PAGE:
In the reign of Cormac Mac Art, grandson of Conn of the Hundred Battles, the order of precedence and dignity in the court of the High King at Tara was as follows: First came great Cormac, the kingly, the hospitable, warrior and poet, and he was supreme over all. Next in order came the five kings of the five Provinces of Ireland, namely, Ulster, Munster, Connacht, Leinster, and Mid-Erinn. After these ranked the captains of the royal host, of whom Finn, son of Cumhal, was the chief.

Now the privileges of the Fianna of Erinn were many and great; to wit, in every county in Ireland one townland, and in every townland a cartron of land, and in the house of every gentleman the right to have a young deer-hound or a beagle kept at nurse from November to May, together with many other taxes and royalties not to be recounted here. But if they had these many and great privileges, yet greater than these were the toils and hardships which they had to endure, in guarding the coasts of all Ireland from oversea invaders and marauders, and in keeping down all robbers and outlaws and evil folk within the kingdom, for this was the duty laid upon them by their bond of service to the King.

Now the summer half of the year was wont to be ended by a great hunting in one of the forests of Ireland, and so it was that one All-hallowtide, when the great banquet of Finn in his Dún on the Hill of Allen was going forward, and the hall resounded with cheerful talk and laughter and with the music of tympan and of harp, Finn asked of the assembled captains in what part of Erinn they should proceed to beat up game on the morrow. And it was agreed among them to repair to the territory of Thomond and Desmond in Munster; and from Allen they set out accordingly and came to the Hill of Knockany. Thence they threw out the hunt and sent their bands of beaters through many a gloomy ravine and by many a rugged hill-pass and many a fair open plain. Desmond’s high hills, called now Slievelogher, they beat, and the smooth, swelling hills of Slievenamuck, and the green slopes of grassy Slievenamon, and the towering rough crags of the Decies, and thence on to the dark woods of Belachgowran.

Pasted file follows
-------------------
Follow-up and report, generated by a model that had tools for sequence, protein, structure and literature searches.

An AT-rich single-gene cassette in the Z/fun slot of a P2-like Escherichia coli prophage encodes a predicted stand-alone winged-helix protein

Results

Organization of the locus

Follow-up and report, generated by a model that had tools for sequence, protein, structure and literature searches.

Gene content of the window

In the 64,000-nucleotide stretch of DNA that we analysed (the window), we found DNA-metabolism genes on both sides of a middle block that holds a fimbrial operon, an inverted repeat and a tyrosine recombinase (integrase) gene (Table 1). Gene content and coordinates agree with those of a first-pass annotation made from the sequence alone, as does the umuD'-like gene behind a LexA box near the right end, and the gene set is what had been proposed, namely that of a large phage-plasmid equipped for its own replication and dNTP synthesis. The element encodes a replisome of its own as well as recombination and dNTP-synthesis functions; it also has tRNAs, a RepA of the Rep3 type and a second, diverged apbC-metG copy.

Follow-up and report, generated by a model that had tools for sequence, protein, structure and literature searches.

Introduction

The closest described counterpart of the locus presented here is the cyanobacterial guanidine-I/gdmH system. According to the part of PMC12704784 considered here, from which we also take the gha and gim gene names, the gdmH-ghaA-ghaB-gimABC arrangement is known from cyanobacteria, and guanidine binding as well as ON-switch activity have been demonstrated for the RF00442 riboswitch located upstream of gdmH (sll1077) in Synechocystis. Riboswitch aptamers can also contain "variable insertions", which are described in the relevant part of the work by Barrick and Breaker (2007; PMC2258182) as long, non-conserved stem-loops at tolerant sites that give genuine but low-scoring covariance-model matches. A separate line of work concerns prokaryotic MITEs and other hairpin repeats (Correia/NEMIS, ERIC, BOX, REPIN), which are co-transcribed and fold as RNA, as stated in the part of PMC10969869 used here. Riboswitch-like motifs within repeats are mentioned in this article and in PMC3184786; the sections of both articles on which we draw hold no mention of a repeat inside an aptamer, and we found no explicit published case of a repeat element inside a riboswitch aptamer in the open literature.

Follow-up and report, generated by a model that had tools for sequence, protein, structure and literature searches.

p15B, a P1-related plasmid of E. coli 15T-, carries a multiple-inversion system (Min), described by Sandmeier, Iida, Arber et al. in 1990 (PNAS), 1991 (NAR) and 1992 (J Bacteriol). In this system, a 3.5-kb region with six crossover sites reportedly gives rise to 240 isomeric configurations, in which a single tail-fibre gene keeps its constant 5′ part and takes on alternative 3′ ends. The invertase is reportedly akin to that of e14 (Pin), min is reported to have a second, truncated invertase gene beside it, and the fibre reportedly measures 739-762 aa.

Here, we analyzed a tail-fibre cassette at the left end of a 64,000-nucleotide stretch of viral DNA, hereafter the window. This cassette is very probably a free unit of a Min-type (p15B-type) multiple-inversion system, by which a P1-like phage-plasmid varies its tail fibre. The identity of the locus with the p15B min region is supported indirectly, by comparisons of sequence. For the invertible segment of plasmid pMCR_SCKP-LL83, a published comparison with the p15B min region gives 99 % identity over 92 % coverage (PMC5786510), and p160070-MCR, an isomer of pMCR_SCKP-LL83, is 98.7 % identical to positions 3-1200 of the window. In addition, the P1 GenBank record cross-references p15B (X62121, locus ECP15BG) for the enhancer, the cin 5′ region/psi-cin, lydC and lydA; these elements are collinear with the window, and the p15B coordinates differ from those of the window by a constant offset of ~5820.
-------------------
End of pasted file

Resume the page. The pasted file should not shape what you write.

While the great hunt was going forward Finn with certain of his chief captains sat on a high mound to overlook it. There, with Finn, were Goll and Art Mac Morna, and Liagan the swift runner, and Dermot of the Love Spot, and Keelta, son of Ronan, and there also was Conan the Bald, the man of scurrilous tongue, and a score or so more. Sweet it was to Finn and his companions to hear from the woods and wildernesses around them the many-tongued baying of the hounds and the cries and whistling of the beaters, the shouting of the strong men and the notes of the Fian hunting-horn.

When they had sat there awhile one of Finn’s men came running quickly towards him and said—

‘A stranger is approaching us from the westward, O Finn, and I much mislike his aspect.’

With that all the Fians looked up and beheld upon the hillside a huge man, looking like some Fomorian marauder, black-visaged and ugly, with a sour countenance and ungainly limbs. On his back hung a dingy black shield, on his misshapen left thigh he wore a sharp broad-bladed sword; projecting over his shoulder were two long lances with broad rusty heads. He wore garments that looked as if they had been buried in a cinder heap, and a loose ragged mantle. Behind him there shambled a sulky, ill-shapen mare with a bony carcase and bowed knees, and on her neck a clumsy iron halter. With a rope her master hauled her along, with violent jerks that seemed as if they would wrench her head from her scraggy neck, and ever and anon the mare would stand and jib, when the man laid on her ribs such blows from a strong ironshod cudgel that they sounded like the surges of the sea beating on a rocky coast. Short as was the distance from where the man and his horse were first perceived to where Finn was standing, it was long ere they traversed it. At last, however, he came into the presence of Finn and louted before him, doing obeisance. Finn lifted his hand over him and bade him speak, and declare his business and his name and rank. ‘I know not,’ said the fellow, ‘of what blood I am, gentle or simple, but only this, that I am a wight from oversea looking for service and wages. And as I have heard of thee, O Finn, that thou art not wont to refuse any man, I came to take service with thee if thou wilt have me.’